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The Plum in the Golden Vase or, Chin P'ing Mei: Vol. 1, The Gathering
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Top Customer Reviews
To briefly discuss the storyline, Chin P'ing Mei is a "spin off" from the classic Chinese novel Outlaws of the Marsh, and focuses on the trials and tribulations of the conniving seductress Pan Chin-lien and the new life she leads after murdering her husband. Some scholars of Chinese traditional literature will not like this allusion, but the story reads like a modern-day soap opera. The characters are lusty and scheming, and the general climate is electric. The general plot follows the intricate daily triumphs and frustrations of Hsi-Men Ching and his `harem" of six wives and concubines (among them Pan Chin-lien). The story is rife with inter-household competition, infidelity, corruption, domestic abuse and eroticism. Characters are well developed, and the scenery is vivid. It provides a fascinating glimpse into the lives of the merchant class in 16th century China. It is easy to see how this novel has captured audiences for 400 years - and David Tod Roy's excellent translation will no doubt help it to endure for many more years to come.
Dr. Jonathan Spence was not kidding when he said that it read like a monograph. Scrupulous in details, Dr. Roy is perhaps too finicky in annotating every derivation of every line. Though such derivations are important, he seems to forget sometimes that the Jin Ping Mei is a novel: to read a text as densely annotated as Dr. Roy's sometimes becomes, to borrow David Hawkes' phrase, "playing tennis in chains."
Despite a lack of elegance in places, Dr. Roy's contribution is immense, for with this frank translation he has communicated to the Western world one of the great works of Chinese social satire, warts and all.
Jin Ping Mei itself is a book with many layers. Often dismissed as nothing but a book of smut and bedroom acrobatics (yes, it is full of this dear readers), Roy argues that it is also a tale of Confucian morals, and the consequences of failing to heed them. The story focuses on the town of Qing He (Clear Lake), and the household of a well-to-do young merchant named Ximen Qing. The book is also a treasure trove of details regarding the clothing, festivals, traditions, etc. of late Ming dynasty China. (While the author set the book in the late Sung dynasty, I think this is but a fig leaf. It was the Ming dynasty he himself lived in that he was thinking of all the time).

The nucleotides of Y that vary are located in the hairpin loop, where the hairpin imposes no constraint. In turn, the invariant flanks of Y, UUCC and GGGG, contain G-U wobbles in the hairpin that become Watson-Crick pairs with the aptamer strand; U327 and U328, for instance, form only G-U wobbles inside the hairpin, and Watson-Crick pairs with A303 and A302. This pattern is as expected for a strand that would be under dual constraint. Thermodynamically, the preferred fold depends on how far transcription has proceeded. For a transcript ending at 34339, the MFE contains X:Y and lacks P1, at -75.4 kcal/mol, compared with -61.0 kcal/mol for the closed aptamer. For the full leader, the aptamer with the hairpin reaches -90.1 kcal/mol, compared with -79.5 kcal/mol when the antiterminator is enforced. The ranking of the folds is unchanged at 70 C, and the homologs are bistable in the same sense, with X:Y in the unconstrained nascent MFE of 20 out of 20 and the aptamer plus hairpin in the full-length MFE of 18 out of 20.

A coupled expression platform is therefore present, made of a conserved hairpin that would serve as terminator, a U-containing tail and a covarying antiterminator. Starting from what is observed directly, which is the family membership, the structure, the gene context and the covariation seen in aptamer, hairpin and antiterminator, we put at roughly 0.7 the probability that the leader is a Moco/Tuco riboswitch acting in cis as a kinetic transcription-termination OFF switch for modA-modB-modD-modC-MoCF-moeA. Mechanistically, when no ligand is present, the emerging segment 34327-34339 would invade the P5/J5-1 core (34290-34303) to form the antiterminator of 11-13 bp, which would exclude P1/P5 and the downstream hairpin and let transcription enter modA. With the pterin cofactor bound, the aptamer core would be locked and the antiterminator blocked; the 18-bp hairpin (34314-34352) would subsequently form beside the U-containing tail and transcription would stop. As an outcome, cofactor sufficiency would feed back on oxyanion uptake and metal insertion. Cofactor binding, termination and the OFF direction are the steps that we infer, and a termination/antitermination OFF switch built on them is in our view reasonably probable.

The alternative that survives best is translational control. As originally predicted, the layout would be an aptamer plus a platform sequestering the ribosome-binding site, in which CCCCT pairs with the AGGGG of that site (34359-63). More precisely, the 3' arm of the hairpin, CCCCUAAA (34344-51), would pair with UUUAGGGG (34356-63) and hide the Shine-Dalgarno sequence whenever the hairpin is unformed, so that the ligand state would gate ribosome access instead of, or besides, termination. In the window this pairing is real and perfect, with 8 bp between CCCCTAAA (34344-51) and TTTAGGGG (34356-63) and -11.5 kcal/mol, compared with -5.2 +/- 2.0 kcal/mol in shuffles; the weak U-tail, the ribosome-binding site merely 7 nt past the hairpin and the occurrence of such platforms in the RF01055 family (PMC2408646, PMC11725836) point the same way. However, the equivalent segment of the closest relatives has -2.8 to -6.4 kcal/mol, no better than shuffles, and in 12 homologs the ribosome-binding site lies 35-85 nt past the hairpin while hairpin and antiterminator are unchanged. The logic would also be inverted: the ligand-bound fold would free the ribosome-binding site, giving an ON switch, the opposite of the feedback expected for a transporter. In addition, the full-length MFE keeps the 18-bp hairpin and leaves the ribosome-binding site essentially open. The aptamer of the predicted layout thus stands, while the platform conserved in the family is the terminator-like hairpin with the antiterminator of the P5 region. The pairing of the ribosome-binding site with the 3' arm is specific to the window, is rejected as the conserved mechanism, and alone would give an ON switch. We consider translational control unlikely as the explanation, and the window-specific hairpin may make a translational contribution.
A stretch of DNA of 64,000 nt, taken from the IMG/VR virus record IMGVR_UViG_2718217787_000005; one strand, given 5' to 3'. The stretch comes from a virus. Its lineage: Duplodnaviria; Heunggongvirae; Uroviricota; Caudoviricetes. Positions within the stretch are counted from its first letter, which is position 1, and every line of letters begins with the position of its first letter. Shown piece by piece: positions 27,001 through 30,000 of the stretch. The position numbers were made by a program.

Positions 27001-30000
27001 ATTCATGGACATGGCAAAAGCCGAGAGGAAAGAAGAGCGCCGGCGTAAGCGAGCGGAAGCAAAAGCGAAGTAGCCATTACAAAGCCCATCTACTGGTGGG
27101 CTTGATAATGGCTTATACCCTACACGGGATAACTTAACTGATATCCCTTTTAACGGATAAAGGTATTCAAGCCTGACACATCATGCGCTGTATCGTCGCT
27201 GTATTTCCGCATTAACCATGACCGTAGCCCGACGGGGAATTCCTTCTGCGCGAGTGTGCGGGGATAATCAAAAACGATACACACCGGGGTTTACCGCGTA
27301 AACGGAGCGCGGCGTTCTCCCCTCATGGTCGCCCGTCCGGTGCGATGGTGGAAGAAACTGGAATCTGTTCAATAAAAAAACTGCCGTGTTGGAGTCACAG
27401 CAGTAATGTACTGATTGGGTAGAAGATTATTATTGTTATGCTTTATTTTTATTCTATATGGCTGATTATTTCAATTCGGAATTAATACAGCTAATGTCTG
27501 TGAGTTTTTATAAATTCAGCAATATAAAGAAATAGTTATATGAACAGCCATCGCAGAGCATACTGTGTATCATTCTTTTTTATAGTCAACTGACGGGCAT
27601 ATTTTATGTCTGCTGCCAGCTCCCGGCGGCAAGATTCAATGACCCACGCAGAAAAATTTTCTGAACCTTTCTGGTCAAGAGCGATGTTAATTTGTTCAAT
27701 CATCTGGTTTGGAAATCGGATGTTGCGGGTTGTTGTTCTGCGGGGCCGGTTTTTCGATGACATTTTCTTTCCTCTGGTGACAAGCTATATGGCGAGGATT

Jin Ping Mei has something of a reputation in this corner of the world as an "erotic novel". Here, I would say it falls down. If you want smut, this is not the book for you.
Other than this trifling criticism, this is a "丝色女子" (very good) translation. Yes, the annotations are a bit excessive, as others have mentioned, but as they are published as endnotes rather than footnotes, they hardly interfere with the text itself at all. I have no compelling reason not to recommend this set.
Then, after a few other efforts by various academics,about which the reviews were mixed enough to not entice me to replace my Arthur Waley copy, David Roy came up with his return to a poetic renditioning: The Plum in the Golden Vase. I bought it; I read it and I was sunk. This is THE translation. This is, I am sure, as close as we are going to get to the Chinese poetry of the original. Wait! We are not going to get this translation after all. Dr. Roy is too old to complete what he started( this, according to his publisher after I dug around in the Princton Press and bothered them month after month, year after year). This sad fact came to light after the publication date for volume two, which had been projected for l995 or some such, had passed by without the faintest hint of when we would get that next volume.
I had been hoping that David Tod Roy was a young and vigorous thirty-something. This man is in his sixties or seventies and he projects another four volumes! I also am in my seventies and at the rate of publication I will be in my nineties by the last volume. I can't believe that this man will be inspired to erotica with the same verve at ninety that he was when he started his translation. I speak for myself as well as Dr.Roy.Read more ›
Most Recent Customer Reviews
As one of the famous Chinese classical novels, I enjoy reading it in English.Published 27 days ago by TJ Cheng
A terrific look at 17th century China … though Roy’s recension and transliteration is heavily compromised by three features he’s laid into the work: 1. Read morePublished 7 months ago by Butter Pecan
This book was a require text for one of my courses. Having read other old Chinese literature, I was worried that this would be dry and difficult to read. This is not the case. Read morePublished 17 months ago by Lauryn Penner
Sometimes being Chinese and a writer would help reading this first book. There are so many characters that it reminds me of reading Russian literature. Read morePublished on June 5, 2014 by C. Eckdall
Roy does a masterful job translating one of the world's first novels. I read it mainly as a straight up book, not spending time delving into the copious and masterful notes. Read morePublished on May 21, 2014 by Andrew J Peterson
Translation quality is good and the comments is enlightening. Reading flows very well. I recommend this to anyone interest in ancient literature.Published on April 22, 2014 by King 55414
This is a wonderful story-and I have ordered the next 3 vol. in this work.
HOWEVER- for a paperback book of this price, and 600 page length,I would expect a binding that keeps... Read more